Dear Annie: I am in the process of converting to Judaism. Among other things, this involves eating only kosher food. Initially, it was difficult, but I know that doing this brings me closer to understanding more of my new religion.
My problem is that most of my friends, including some Jewish friends, have an issue with my eating habits. They say eating kosher is “outdated,” or they imply that I think I’m better than they are. They actively discourage my efforts. This confuses me because I don’t scold my friends for eating cheeseburgers or pork, and I never insist on any special treatment.
Conversion is not an easy process, and I’d like the support of my friends, but it’s hard to keep my head up sometimes, especially during meals together. How do I approach this? Do I need new friends?
— Questioning in California
Dear Questioning: Maybe. Your friends think conversion will change who you are and the relationship they have with you. They feel marginalized by your new religious interest and are trying to undermine your convictions. This is all about them and their needs. If you are truly committed to conversion, you should not be so easily derailed. Please talk to your rabbi. If you attend services at a synagogue, see whether they have a social group for those in your age bracket. You are more likely to make new friends and find support there.
Dear Annie: Some years ago, my wife and I met a lovely couple while on a trip in Germany. We had such a good time together that we made arrangements for the four of us to take other trips. We kept in contact with cards, phone calls and emails. On the occasions where we traveled to their city, we had lunch with them.
We hadn’t heard from them in a while, so I sent a card that came back stamped “Deceased.” We don’t read the obituaries from their city, so we have no idea whether both of them died or one died and the other moved, or what happened.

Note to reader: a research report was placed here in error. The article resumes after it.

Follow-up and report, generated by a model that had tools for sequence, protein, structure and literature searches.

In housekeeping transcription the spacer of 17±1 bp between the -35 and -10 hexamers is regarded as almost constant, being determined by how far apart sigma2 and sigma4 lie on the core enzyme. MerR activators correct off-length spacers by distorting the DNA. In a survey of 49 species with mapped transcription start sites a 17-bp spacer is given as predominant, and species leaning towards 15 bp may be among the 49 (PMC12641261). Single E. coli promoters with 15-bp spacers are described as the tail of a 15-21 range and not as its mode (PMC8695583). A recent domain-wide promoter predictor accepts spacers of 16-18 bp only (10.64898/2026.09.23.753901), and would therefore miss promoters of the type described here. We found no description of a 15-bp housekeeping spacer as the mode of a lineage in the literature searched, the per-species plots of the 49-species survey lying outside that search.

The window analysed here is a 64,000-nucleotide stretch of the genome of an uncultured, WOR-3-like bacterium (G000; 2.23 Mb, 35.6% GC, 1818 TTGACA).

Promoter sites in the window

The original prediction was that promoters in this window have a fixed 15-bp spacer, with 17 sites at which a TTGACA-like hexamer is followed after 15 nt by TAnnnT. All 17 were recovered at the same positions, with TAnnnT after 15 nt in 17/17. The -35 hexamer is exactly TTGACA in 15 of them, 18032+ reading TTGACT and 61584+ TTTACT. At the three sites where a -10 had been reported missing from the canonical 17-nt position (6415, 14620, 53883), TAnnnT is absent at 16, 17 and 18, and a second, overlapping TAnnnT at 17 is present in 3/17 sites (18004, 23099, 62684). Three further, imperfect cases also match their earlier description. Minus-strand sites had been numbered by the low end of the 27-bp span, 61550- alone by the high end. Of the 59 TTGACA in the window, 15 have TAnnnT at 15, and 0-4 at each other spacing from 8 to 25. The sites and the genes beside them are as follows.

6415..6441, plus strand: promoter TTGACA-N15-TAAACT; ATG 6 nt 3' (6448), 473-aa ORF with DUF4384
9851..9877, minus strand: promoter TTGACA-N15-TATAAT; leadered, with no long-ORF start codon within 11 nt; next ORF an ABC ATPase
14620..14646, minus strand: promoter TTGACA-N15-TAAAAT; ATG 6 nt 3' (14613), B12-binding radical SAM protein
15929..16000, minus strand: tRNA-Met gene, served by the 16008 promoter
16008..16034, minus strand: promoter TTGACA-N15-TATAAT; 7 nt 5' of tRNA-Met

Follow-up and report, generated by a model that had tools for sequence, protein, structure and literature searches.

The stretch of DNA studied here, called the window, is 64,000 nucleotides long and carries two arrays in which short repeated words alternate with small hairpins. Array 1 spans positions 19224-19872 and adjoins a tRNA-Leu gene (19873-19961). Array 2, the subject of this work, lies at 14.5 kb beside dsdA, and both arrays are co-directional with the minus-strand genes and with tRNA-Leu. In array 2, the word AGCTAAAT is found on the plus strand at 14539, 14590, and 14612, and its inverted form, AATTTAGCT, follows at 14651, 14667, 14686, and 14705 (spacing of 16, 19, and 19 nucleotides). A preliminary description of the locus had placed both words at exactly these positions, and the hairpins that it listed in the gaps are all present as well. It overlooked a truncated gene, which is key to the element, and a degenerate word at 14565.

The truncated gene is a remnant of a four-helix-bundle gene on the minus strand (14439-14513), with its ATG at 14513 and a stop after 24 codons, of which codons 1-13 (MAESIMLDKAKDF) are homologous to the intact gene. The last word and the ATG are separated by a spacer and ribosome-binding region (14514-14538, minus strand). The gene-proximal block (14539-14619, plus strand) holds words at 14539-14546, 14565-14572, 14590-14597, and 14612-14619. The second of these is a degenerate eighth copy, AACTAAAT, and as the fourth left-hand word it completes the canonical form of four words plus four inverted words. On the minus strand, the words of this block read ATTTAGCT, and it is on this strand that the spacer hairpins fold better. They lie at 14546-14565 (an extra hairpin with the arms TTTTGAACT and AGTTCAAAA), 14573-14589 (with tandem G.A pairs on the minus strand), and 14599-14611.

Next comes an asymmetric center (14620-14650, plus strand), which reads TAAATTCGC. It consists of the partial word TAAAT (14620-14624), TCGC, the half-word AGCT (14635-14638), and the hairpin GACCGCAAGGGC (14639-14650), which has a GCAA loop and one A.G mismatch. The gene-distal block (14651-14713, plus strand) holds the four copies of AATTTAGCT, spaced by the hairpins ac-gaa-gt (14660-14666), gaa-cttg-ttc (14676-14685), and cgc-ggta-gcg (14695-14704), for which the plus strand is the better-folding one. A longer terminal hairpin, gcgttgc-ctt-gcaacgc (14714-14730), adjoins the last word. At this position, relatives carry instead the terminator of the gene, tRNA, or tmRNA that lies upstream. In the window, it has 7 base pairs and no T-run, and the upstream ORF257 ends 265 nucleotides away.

This couple had several children who may have known of our friendship, although I never learned the children’s names. It surely would be nice if their survivors would browse through the couple’s address book and let the contacts know of their passing.
— Miss Them in Minnesota
Dear Minnesota: This is a situation that comes up whenever someone dies. The survivors do not always think of going through the deceased’s address book — written or electronic — and sending notes to those listed. But it would be a kindness to do so and something the deceased surely would have wanted. You can look online for your friends’ obituaries and any other information that might indicate how to contact one of their children. We hope you find out what happened and have the opportunity to express your condolences.
Dear Annie: I read the letter from “Too Many Leftovers” about people who don’t RSVP to invitations. It encouraged me to share my experience.
Our two daughters were married in the same year. The first wedding brought the same issue of the lack of receiving RSVPs. When it came to the second wedding, I had our new son-in-law use his calligraphy skills to make a nice sign that read “For those who did not RSVP.” I placed the sign on the gift table next to a jar of peanut butter, a knife and some soda crackers.
I don’t know why my wife and the mother of the groom didn’t see the humor. I have shared this with several people, and the men always think it’s hilarious.
— Father of the Brides
Annie’s Mailbox is written by Kathy Mitchell and Marcy Sugar, longtime editors of the Ann Landers column. Email your questions to email@example.com, or write to: Annie’s Mailbox, c/o Creators Syndicate, 737 3rd Street, Hermosa Beach, CA 90254. To find out more about Annie’s Mailbox and read features by other Creators Syndicate writers and cartoonists, visit the Creators Syndicate Web page at www.creators.com.
— Creators Syndicate Inc.